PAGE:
Reddit Reddit reviews Mastering Mountain Bike Skills - 2nd Edition

We found 35 Reddit comments about Mastering Mountain Bike Skills - 2nd Edition. Here are the top ones, ranked by their Reddit score.

Extreme Sports
Sports & Outdoors
Mastering Mountain Bike Skills - 2nd Edition
Human Kinetics
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35 Reddit comments about Mastering Mountain Bike Skills - 2nd Edition:

u/hugeyakmen · 8 pointsr/MTB

My two favorite resources to learn better technique and habits that you can study while off the bike:

There is a really good skills video by Fabien Barel that is geared towards all mountain riding but really applies to any and all riding. Not sure the best place to download a new copy, I believe it was originally on a DVD that came with a magazine

The book "Mastering Mountain Biking Skills" by Brians Lopes and Lee McCormack.

A skills clinic can be expensive esp if you don't leave too close to a good one, but that is a quick way to learn a lot and get personalized coaching. It's probably on every mountain biker's wishlist

u/teholbugg · 7 pointsr/MTB

woah woah calm down. calmmmmmm.....

okay, first, and i'm sure you predicted that someone would say this, but


now, there are basic (some are cheap) upgrades everyone should do on their bike - the contact points - where your body meets the bike

  • pedal like wellago MG-1 or nukeproof proton ($30-70)

  • grips like ODI yeti / rogue ($30)

  • saddle (more expensive, get your sit bones measured at a shop, get the right saddle for you) ~$100

  • grippy shoes like five tens ~$100

  • full finger gloves $30

  • most importantly, upgrade the rider

    After that, don't just buy things to buy things. What do you want to do with your bike? what annoys you about it? fix those things, but remember that at a certain level of expense, it just makes more sense to save that money toward a new bike
u/RaginCajun1 · 6 pointsr/MTB

that book is an incredible resource. if you dont want to drop the cash, google 'mountain bike attack position', then work on bike/body separation, then look up GMBN on youtube, they have tons of video tutorials. droppers are useful but not necesarry. your seat does need to be low enough to let you bounce on your legs a bit

u/[deleted] · 6 pointsr/MTB

RobbyKing kept recommending a book Mastering Mountain bike skills, by Brian Lopes. Finally after sheer curiosity I picked it up. It's actually a really great book that deals with these issues. I would highly recommend that you check it out. Even decent rider's will learn a few things that they didn't realized about their riding style.

u/MuscleMilkMike · 5 pointsr/MTB

Start off by reading this book:

u/WildW1thin · 5 pointsr/MTB

Attack Position

When I first started riding, my friends kept giving that same tidbit about get your weight back as far as possible. No matter what. Drop? Weight back. Steep descent? Weight back. Rock garden? Weight back. I think it's one of those good intention mantras for mountain biking. But I prefer showing someone the proper attack position along with "heavy feet, light hands."

I picked up this book and quickly became one of the better riders in my group. A couple of them might climb faster than me, but they all let me go first on the descents. Highly recommend it.

u/Casper29 · 5 pointsr/MTB

Also, since you are new to dirt - I recommend reading this.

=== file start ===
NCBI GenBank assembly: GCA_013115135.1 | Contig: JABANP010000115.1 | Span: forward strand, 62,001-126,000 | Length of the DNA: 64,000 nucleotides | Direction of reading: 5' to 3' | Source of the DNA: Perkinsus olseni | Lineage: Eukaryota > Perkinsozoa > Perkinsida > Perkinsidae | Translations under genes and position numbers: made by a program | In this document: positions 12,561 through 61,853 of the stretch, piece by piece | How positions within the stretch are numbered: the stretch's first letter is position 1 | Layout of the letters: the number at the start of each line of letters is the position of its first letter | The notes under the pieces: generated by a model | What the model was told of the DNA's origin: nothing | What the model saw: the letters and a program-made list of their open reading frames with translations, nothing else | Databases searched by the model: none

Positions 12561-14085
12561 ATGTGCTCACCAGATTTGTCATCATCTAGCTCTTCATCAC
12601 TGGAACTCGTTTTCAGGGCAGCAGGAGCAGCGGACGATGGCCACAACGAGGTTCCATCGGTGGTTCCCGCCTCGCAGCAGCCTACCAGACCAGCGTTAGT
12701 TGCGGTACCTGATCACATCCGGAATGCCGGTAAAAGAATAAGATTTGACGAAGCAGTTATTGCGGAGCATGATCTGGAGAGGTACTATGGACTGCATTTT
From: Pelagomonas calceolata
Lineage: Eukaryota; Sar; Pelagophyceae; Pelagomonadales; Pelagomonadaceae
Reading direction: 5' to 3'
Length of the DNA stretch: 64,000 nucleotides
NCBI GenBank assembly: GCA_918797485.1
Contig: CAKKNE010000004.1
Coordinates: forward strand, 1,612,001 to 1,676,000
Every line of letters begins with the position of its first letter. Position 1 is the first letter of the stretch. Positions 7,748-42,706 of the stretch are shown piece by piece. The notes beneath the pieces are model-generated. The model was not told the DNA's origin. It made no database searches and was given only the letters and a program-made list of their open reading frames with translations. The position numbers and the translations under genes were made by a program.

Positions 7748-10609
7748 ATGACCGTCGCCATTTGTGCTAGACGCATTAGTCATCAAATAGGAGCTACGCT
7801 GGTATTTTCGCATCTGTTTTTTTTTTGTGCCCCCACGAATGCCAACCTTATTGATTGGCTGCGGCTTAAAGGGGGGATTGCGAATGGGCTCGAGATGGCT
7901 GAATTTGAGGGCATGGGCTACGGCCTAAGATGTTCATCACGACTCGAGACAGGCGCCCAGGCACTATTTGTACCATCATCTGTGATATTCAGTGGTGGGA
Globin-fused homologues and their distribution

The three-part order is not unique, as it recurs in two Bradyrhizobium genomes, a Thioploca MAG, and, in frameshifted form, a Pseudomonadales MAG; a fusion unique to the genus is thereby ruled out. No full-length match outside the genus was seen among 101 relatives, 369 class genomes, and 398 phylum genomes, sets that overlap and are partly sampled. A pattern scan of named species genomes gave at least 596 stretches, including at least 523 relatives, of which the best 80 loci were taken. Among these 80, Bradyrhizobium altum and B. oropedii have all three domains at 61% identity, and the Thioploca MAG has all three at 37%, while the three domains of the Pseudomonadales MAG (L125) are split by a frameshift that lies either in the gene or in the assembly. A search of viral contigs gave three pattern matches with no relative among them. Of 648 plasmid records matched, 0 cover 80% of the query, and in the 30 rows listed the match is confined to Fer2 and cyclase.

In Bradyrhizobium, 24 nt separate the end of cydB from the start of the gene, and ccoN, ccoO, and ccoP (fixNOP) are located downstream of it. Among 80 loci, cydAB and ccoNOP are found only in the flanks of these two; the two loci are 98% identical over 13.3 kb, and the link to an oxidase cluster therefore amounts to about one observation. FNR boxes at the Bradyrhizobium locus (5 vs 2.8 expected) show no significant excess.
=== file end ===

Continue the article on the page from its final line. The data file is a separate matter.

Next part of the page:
Hopefully it will keep you from all the stupid mistakes I made. I am still not a very good rider, but I am better than where I started at due to that book.

I am incredibly jealous that you live so close to work. I live 35 miles away from my office and I would love to ride to work every day.

u/robbyking · 4 pointsr/MTB

There's a really good section on climbing in that stupid book I keep recommending.

Your height to weight ratio is fine, so don't worry about that. If you're a flabby 98, just keep riding and your body will get to where it needs to be. Don't worry about.

As for the climb, a couple things to remember are:

  • Keep your weight over your bottom bracket
  • If your rear wheel loses traction, try sitting down; the extra weight focused on your back wheel will keep it from spinning out.
  • Pedal like a hummingbird: for really steep climbs, stay seated, shift to a low gear, lean forward (weight over the bottom bracket), and pedal with a fast, consistent cadence.
  • Don't stop until you fall. I have friends who struggled with steep sections of trails for months, only to make them the first time I rode behind them and kept on them to not give up until they fell over.

    As for SPD (clipless) pedals, I love them, but it's mostly rider preference. Professional XC racers use them, and professional downhill racers don't, so you can use that as your guide. For me (XC racing with some freeride), I love riding clipless; you never have to worry about your foot position (which is great for climbs and rooty/rocky downhill sections), so all of your pedaling energy is focused where it should be.

    Of course, if you're a DH or DJ rider, clipping in will probably result in a broken collar bone. It really depends on how you ride.

    One quick note on terminology: "Clips" are the basket things you put your foot into. (It's short for "toe clip.") The pedals that attach to your specially made shoes don't have the basket (clip), so they're called "clipless," even though you clip into them. (So yes, you clip in to clipless pedals.) It's confusing if you don't know the history behind the terms, but pretty easy to remember once you do.

    Good luck!
u/jmblur · 4 pointsr/MTB

Buy Lee McCormack/Brian Lopes' "Mastering Mountain Bike Skills".

Seriously. It's a GREAT book. Get it. Read it. Ride it.

u/The_Spaghettio_Kid · 4 pointsr/MTB